To meet the COP15 Paris climate change goals, global emissions must peak by 2020, which is unlikely even by 2030 when the current rise in emissions is taken into account.
But according to the report, all hope isn't lost. Non-state actors like high education institutions, businesses, regional, local and city governments can make major contributions to solving the problem. About 6,000 companies and over 7,000 cities from 133 nations have pledged to take action with revenue worth $36 trillion. With more than 500,000 publicly traded companies around the world, more can be done. This sector has the potential to cut down CO2 emissions by 19gigatonnes equivalent every year by 2030, keeping the world on the 2C path. Carbon trading systems and taxes cover just 15 pct of global carbon output, according to the UN report. (Source: UN, Industry News Network, Mary Bronson, 6 December, 2018)
More Low-Carbon Energy News Carbon Emissions, CO2, Greenhouse Gas,
China's pilot CO2 trading schemes cover the cities of Beijing, Tianjan, Shanghai, Chongqing and Shenzhen, and the provinces of Guangdong and Hebei. In 2017, the cities-regional schemes were replaced by a national scheme which has to date made limited progress, according to
the Ministry of Ecology and Environment.
(Source: China Ministry of Ecology and Environment, CemNet, Others, 26 Nov., 2018) Contact: China Ministry of Ecology and Environment, http://english.mee.gov.cn
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The agency noted that "China's carbon emission declined both in intensity and amount in the pilot carbon trading areas. The carbon market has fulfilled its role in controlling greenhouse gas emissions and promoting low-carbon development." The agency added that China will advance the construction of carbon trading market and gradually expand the number of industries, trading entities and categories that participate in the national carbon market which was launched in 2017.
The Chinese carbon emissions trading system includes power generation, iron and steel production and cement manufacturing sectors in seven provinces and municipalities.
Under the Paris Climate Agreement, China will cut its carbon emissions per unit of GDP by 60 to 65 pct by 2030 from the 2005 level.
By the end of 2017, China had cut CO2 emissions per unit of GDP by 46 pct from 2005 levels, fulfilling its commitment to reduce CO2 emissions by 40 to 45 pct from the 2005 level by 2020. (Source: Chinese Ministry of Ecology and Environment, Xinhua, 26 Nov., 2018)Contact: China National Development and Reform Commission, en.ndrc.gov.cn; Chinese Ministry of Ecology and Environment, english.mee.gov.cn
More Low-Carbon Energy News China Carbon Market, Cap-and-Trade, CO2, Carbon Emissions,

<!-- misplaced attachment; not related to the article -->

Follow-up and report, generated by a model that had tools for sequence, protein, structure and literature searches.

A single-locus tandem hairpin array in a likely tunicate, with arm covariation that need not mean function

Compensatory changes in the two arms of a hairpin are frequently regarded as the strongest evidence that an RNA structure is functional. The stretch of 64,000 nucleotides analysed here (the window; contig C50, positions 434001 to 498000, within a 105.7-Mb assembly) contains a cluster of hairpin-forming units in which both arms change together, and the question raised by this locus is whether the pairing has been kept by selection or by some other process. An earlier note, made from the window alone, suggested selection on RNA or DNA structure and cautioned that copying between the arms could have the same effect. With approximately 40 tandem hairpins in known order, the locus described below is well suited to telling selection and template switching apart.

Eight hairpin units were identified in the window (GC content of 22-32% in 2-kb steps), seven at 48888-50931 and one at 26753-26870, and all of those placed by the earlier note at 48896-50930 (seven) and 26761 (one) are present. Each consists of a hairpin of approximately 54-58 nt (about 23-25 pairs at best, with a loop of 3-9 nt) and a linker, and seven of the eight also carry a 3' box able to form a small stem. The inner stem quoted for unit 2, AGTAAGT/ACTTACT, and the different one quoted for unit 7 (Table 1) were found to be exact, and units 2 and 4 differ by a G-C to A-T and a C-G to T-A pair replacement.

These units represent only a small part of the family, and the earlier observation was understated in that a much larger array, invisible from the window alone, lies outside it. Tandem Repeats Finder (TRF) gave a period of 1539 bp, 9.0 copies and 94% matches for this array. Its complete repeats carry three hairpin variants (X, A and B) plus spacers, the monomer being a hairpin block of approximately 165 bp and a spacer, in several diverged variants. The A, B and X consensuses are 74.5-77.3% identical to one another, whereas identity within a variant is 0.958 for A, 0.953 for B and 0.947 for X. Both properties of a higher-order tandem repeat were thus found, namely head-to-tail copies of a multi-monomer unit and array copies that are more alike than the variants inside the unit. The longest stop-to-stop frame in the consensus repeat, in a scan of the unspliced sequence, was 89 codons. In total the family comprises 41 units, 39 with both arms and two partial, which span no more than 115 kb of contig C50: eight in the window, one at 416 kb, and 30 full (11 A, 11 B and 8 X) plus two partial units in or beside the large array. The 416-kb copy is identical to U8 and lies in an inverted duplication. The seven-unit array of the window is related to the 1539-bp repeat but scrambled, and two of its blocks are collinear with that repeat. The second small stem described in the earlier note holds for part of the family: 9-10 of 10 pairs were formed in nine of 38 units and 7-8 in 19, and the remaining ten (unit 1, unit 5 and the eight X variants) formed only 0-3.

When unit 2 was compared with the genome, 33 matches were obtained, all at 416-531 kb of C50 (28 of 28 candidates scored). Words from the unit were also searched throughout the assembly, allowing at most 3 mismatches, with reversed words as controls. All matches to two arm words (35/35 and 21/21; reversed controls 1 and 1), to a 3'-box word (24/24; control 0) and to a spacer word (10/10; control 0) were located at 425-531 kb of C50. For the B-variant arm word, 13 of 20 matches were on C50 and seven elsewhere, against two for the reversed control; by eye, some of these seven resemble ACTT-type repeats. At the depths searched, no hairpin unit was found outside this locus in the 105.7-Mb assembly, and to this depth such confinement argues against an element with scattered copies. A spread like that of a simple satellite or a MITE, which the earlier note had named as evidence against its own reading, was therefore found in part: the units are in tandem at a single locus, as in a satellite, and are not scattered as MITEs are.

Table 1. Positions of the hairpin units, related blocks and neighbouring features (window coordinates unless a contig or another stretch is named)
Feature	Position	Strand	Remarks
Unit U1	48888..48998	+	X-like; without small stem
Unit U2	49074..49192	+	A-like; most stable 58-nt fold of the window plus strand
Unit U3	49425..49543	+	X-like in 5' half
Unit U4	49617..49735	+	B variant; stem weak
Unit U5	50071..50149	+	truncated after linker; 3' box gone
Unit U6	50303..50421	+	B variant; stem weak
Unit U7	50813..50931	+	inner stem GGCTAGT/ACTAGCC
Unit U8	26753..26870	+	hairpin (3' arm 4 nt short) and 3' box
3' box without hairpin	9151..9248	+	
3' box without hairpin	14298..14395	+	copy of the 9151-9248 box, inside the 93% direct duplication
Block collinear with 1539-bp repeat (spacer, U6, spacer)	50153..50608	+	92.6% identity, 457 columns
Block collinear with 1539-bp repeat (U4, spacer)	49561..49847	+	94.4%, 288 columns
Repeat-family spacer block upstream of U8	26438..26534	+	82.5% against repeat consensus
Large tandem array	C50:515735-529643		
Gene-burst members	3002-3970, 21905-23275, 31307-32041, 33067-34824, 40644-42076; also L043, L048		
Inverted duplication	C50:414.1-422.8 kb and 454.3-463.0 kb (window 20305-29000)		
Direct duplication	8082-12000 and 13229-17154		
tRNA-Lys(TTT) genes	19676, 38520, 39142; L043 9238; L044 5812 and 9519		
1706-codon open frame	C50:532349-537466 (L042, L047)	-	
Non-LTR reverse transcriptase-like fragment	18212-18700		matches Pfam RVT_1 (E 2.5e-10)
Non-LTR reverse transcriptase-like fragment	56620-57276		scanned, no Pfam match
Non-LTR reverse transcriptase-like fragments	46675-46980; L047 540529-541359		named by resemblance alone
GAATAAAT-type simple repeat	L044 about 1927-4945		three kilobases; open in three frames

According to the study, eelgrass organic carbon stocks were comparable to organic carbon stocks of tropical seagrass species, as well as mangroves, salt marshes and terrestrial ecosystems. The researchers also found that on average, eelgrass meadows stored 27.2 tons of organic carbon per hectare, although the variation between the regions was considerable
In the marine systems, the blue carbon species alone account for up to 33 pct of the total oceanic CO2 uptake. In contrast to terrestrial soils, which usually store carbon up to decades, the carbon stored in blue carbon ecosystems may persist for timescales of millennia or longer and thus, contribute significantly to climate change mitigation and alleviation of the rising atmospheric carbon dioxide concentrations. Despite the importance of these ecosystems, to date, none of them are included in the global carbon trading programmes. Alarmingly, in the past 50 years, at least one-third of the distribution area of coastal vegetated ecosystems has been lost. (Source: Abo Akademi University, Public Press Release, 31 Oct., 2018) Contact: Abo Akademi University, Christoffer Bostrom ,
Associate Professor in Environmental and Marine Biology, +358 50 431 8226, email@example.com, www.abo.fi
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Founded in 2017, C4Coin will reward eco-conscious activities that generate verifiable carbon offsets. Users creating these offsets will receive carbon credit tokens called CO2KNs. These tokens can be retired through an innovative consensus protocol to earn a traditional crypto-asset called C4Coin.
The company plans to launch its blockchain in Q4 2018.
The name C4Coin stems from the biological process of carbon fixation. Plants take CO2 and inorganic Carbon 4 and break them down into organic, useable carbon and oxygen.
(Source: C4Coin, PR, 24 May, 2018) Contact: C4Coin, Harrison Perl, CEO, www.c4coin.org